MONDAY, Sept. 24, 2018 (HealthDay News) — Patients with advanced heart failure enrolled in hospice have fewer emergency department visits, hospital days, and intensive care unit (ICU) stays, according to a study published in the September issue of JACC: Heart Failure.
Laura P. Gelfman, M.D., M.P.H., from the Icahn School of Medicine at Mount Sinai in New York City, and colleagues used a propensity-score matched sample of Medicare decedents with two or more heart failure discharges within six months to identify predictors of hospice enrollment for heart failure patients and to compare hospitalizations, ICU stays, and emergency department visits for those enrolled and not enrolled in hospice. A total of 3,067 beneficiaries were in each group, with a mean age of 82 years.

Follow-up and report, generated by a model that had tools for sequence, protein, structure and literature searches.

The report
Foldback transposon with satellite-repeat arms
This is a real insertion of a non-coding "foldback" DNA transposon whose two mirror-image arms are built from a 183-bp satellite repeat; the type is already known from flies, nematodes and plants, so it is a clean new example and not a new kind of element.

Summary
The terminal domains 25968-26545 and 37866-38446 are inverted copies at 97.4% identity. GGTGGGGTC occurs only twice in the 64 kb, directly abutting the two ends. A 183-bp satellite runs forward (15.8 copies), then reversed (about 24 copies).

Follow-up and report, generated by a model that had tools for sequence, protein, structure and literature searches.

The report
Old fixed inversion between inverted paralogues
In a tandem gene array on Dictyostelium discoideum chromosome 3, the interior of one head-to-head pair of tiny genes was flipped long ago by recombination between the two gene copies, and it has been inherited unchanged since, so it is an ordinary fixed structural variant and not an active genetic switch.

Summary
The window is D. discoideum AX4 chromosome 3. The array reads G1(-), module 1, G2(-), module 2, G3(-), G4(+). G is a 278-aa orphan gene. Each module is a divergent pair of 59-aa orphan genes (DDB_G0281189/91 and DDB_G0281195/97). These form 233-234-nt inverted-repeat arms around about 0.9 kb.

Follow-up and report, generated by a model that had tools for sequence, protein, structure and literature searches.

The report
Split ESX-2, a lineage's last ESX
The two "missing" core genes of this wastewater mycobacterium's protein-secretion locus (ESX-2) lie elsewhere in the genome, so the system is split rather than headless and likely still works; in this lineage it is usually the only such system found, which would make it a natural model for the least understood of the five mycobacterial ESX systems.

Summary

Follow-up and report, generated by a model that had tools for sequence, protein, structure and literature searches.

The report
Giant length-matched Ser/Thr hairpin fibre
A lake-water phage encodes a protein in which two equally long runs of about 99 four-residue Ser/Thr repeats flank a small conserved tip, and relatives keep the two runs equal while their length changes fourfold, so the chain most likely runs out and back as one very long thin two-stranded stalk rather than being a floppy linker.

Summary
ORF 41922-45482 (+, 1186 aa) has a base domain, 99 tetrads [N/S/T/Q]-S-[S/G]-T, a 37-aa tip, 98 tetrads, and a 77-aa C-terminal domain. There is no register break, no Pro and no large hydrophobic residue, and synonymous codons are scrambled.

The researchers observed no differences in the characteristics, symptom burden, or functional status between the groups that were associated with enrollment in hospice. The hospice group had significantly fewer emergency department visits (2.64 versus 2.82), hospital days (3.9 versus 4.67), and ICU stays (1.25 versus 1.51) in the six months after the second heart failure discharge; they were also significantly less likely to die in the hospital (3 versus 56 percent) and had longer median survival (80 versus 71 days).
“A tailored hospice model may be needed to increase enrollment and offer benefits to a heart failure population,” the authors write.
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